WMU News

African-American speech focus of annual festival

February 10, 1998

KALAMAZOO -- The rhythm of African American speech whether in ebonics, rap music or television commercials will be explored in an annual festival at Western Michigan University as part of Black History Month.

"Exposition III: Musical and Visual Manifestations of Black Talk through Television Programs" will be presented Friday and Saturday, Feb. 20- 21. The event will run from 7 p.m. to 11:30 p.m. each night in Room 3512 of Knauss Hall. It is free and open to the public.

Presented by WMU's Black Americana Studies Program, the festival will include lectures by three leading experts in African American language, music and film, who will discuss topics that range from how television uses the rhythms of black language to sell merchandise to the difference between ebonics and hip hop rap. The popular Michigan band, Peace 2000, also will perform a blend of rhythm and blues, jazz and pop, while highlighting another aspect of black speech -- monologues. This technique was made famous by soul singers Isaac Hayes and Barry White in the 1970s.

According to Dr. Benjamin C. Wilson, professor of black Americana studies and coordinator of the annual event, the rhythm and music of African American speech is evident throughout African American life, from the ditties spun by boxer Muhammad Ali to the double-Dutch jump rope songs of children in an inner city school yard.

"When most African Americans talk, it sounds like they're singing," Wilson says. "Music is very much a part of the African cultural experience and that's transferred to our daily dialogue, whether it's through ebonics or the rhythms of speech patterns associated with dance music."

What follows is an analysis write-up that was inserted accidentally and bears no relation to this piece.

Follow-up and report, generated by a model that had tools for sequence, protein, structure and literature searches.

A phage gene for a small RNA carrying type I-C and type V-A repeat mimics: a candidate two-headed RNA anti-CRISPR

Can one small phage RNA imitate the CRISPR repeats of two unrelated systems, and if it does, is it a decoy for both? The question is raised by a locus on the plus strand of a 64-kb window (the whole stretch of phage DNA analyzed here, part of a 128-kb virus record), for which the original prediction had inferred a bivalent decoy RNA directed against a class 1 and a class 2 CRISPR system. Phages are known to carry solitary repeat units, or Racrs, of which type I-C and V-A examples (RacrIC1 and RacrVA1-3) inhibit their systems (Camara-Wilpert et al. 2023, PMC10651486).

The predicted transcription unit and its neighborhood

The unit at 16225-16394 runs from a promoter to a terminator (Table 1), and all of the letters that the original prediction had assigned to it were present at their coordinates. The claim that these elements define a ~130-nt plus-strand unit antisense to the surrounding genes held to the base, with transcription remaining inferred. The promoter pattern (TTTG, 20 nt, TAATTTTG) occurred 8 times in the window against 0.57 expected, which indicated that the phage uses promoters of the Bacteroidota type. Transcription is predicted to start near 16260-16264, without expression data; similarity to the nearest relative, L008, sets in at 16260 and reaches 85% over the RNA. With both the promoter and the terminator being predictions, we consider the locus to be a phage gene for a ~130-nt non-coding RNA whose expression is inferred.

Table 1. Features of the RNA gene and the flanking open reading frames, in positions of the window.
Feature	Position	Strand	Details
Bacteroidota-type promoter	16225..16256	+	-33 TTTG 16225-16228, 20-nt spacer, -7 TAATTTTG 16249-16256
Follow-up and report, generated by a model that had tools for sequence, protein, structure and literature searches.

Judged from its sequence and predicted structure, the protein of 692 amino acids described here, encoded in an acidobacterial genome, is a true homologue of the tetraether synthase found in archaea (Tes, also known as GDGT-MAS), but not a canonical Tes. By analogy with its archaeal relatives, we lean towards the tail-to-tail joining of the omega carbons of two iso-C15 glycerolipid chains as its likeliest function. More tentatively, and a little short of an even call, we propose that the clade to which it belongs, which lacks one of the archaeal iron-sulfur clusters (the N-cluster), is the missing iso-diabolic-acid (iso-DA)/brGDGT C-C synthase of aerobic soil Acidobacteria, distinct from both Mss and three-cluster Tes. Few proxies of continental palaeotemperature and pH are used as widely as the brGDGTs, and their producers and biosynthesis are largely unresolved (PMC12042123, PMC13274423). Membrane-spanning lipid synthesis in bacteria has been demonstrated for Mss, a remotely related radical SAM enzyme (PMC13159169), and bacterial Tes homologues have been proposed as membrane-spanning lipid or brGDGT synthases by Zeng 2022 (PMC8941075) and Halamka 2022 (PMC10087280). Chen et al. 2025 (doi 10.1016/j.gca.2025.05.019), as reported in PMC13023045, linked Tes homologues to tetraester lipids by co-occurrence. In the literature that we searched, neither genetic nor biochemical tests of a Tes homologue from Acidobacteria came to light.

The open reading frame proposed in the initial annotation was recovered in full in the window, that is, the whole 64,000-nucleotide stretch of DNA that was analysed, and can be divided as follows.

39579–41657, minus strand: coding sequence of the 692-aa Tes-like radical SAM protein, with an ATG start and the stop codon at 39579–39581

On Friday evening, the program will feature Dr. Geneva Smitherman, a linguist and distinguished professor of English from Michigan State University. Smitherman will present "A Comparison of Ebonics and Hip Hop Rap." She is a leading authority on black English and has served as a chief expert witness, researcher and consultant in a number of cases involving literacy, the language of black America and the linkage between socio-linguistics and institutional policy.

Wilson says ebonics is quite different from rap, since ebonics dates back to the 1600s and represents an Africanized version of English. However, he says rap is connected to ebonics, and artists like Queen Latifah, Sister Souljah, TLC and Tupac Shakur are examples of 20th century urban poets taking it to a hip, new extreme.

"Nothing in America is new," Wilson explains. "It might be an adaptation of that which appeared before, but it's not new. Rap music got its start from work songs, toasts, bebop singers, disco, you name it. It evolved into the 20th century poetic stuff called rap."

On Saturday, the program will include presentations by Dr. Gloria Gibson, associate professor of Afro-American studies and film at Indiana University, and Dr. Horace Boyer, an Afro-ethnomusicologist from the University of Massachusetts at Amherst.

Gibson will discuss "Technological Orality and Oral Technology in Hip Hop as Presented in Television Sitcoms," while Boyer will present a lecture titled "The Transformation of the Isaac Hayes, Barry White, Millie Jackson Monologue to Gangsta Rap."

Following the lectures, the Lansing-based Peace 2000 Band will perform.

For more information, persons should contact the Black Americana Studies Program at (616) 387-2665.

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